It goes without saying that the competitive grants game has gotten fiercer—certainly at the federal level, where funding has been hit by sequestration and budget trimming. The solution, in part, is to get more competitive. But to do this, sometimes we have to take a step back and get back to basics. Practice our scales, so to speak. Make sure we're hitting all the notes.
That's why it can be helpful to revisit something as basic as internet and database search for grant seeking. Honed research skills aren’t going to write the grant proposal for you, but they will help you get to your goals faster.
I’ve been surprised by how many people actually don’t know how to effectively run a search. Many times, they have a very specific idea of what they want to search for, but they're unclear about the steps to get there. They often search too narrowly, as if trying to make a Hail Mary pass from the 1-yard-line rather than a series of plays along the way that gradually get them to the team’s touchdown. But enough with the analogies.
If you’re searching the vast ocean of the internet, here are some tips to consider:
1. Set your intention and start broad
Consider your subject, grant type (for example, competitive or formula?), target population, and project location, and consider the various synonyms that will help get you to relevant results. Even if you have in a mind the highly versatile Community Development Block Grant, for instance, don’t necessarily limit yourself to the type or grant (e.g., CDBG) or the agency you might be considering (here, presumably HUD).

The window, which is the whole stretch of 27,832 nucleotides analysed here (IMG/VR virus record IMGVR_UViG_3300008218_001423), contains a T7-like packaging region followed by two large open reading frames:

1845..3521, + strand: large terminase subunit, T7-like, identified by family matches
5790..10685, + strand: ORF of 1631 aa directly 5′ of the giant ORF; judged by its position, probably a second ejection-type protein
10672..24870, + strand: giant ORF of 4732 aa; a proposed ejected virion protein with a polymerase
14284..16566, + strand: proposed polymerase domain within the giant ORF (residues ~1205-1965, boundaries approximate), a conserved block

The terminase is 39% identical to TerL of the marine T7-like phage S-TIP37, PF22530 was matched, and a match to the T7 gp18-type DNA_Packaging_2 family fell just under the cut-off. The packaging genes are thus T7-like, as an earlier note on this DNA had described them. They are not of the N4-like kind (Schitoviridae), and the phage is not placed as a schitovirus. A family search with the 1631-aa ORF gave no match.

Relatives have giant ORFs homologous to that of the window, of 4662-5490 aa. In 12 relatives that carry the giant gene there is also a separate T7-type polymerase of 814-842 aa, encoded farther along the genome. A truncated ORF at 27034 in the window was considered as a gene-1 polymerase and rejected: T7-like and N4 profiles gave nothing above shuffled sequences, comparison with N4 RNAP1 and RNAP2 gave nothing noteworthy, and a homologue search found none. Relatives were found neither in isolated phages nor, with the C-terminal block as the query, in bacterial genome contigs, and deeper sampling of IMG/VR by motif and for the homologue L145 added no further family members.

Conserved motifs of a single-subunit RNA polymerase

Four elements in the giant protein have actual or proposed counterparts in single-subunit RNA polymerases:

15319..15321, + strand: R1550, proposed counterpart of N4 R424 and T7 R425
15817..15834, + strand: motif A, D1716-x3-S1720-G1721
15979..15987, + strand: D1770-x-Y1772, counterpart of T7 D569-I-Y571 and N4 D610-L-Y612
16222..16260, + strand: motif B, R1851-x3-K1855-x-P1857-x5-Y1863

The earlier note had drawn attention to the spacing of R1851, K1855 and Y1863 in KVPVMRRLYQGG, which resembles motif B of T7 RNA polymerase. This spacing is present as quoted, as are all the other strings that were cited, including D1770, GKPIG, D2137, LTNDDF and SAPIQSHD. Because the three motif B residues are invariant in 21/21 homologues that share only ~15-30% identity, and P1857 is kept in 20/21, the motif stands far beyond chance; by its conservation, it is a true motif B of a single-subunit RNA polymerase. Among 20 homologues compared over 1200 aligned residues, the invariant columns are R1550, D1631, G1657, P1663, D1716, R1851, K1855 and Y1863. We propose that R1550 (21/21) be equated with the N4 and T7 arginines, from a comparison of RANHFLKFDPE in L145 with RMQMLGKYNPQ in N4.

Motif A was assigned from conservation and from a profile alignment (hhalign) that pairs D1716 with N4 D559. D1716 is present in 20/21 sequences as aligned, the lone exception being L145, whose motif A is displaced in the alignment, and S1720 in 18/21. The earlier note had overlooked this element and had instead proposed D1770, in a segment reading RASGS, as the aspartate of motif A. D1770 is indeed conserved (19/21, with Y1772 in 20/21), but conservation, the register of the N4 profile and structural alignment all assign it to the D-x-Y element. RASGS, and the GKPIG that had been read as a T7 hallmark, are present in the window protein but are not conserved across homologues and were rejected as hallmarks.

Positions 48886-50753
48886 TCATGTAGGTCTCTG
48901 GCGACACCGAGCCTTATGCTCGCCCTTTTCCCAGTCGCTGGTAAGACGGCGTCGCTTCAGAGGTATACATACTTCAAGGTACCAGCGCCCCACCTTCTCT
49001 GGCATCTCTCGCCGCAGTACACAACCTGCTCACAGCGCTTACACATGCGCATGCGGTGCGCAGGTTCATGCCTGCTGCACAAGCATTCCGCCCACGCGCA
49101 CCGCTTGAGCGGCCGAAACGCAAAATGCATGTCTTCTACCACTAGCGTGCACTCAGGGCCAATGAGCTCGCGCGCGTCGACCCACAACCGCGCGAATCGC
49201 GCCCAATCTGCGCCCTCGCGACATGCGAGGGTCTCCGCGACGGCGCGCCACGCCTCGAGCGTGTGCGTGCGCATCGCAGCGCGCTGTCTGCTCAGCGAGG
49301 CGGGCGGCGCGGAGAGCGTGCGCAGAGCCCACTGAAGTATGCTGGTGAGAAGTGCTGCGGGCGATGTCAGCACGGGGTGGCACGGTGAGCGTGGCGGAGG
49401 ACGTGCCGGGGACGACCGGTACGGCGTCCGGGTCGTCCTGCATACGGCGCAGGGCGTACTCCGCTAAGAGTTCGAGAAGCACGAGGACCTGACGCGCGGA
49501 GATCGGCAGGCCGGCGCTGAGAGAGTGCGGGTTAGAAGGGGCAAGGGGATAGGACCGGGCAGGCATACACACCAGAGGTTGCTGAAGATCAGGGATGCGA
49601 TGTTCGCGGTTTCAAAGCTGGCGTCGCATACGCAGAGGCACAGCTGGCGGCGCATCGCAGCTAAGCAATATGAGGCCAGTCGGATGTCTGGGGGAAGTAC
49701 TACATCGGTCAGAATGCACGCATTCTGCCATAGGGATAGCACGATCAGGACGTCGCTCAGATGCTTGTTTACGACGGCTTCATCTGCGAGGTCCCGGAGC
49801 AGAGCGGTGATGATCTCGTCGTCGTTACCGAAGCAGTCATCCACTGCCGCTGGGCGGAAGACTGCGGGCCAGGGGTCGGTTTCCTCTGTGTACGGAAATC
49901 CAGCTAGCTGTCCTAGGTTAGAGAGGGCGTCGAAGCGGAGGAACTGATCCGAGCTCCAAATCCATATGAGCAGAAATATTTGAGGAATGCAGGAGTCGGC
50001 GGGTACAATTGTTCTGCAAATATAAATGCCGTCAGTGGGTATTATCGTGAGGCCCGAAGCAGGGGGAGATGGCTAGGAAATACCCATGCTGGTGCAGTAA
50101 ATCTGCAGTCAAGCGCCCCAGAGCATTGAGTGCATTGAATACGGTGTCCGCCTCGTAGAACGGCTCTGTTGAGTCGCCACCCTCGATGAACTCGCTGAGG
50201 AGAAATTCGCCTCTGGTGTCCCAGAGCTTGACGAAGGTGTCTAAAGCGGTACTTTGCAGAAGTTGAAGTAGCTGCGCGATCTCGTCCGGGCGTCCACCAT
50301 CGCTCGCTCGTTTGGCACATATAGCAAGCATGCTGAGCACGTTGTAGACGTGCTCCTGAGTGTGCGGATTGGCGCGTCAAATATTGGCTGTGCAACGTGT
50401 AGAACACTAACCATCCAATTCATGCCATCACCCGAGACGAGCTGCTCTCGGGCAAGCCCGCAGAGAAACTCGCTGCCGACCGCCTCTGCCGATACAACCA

2. Set specific phrases in quotes
If you want to search for a phrase exactly as you type it, put it in quotation marks. If you’re uncertain about a term or phrase, or want variations, don’t use quotation marks. Rule of thumb: I apply quotes if I’m 100% sure of a phrase and spelling and want to isolate it in the search; I avoid quotes if I’m even 1%unsure and/or want to stay broad with results.
3. Streamline with Booleans
The operators “AND,” “OR,” and “NOT” (you must capitalize them to designate Boolean) are smart tools to connect multiple strings of information to focus your search. Learn more about these tools here (the Venn diagrams help me “see the Boolean logic”).
4. Strike a balance
Too broad a search can send you down unproductive rabbit holes. Be ready to modify your search to get manageable results—neither too few nor too many.
5. Search a database
The internet has several billion indexed websites and is expanding at the rate of a virtual universe. This is why a grants database is immensely helpful to grant seekers, in that it offers a zoomed-in view of myriad funding opportunities that one might miss otherwise in a more limited database or by a general search. eCivis Grants Network subscribers, for instance, can use multiple filters to get to funding opportunities, and can search by federal, state, or foundation grant program, among other tools.
Speaking of which, here are some helpful grant management templates/forms for you and your team: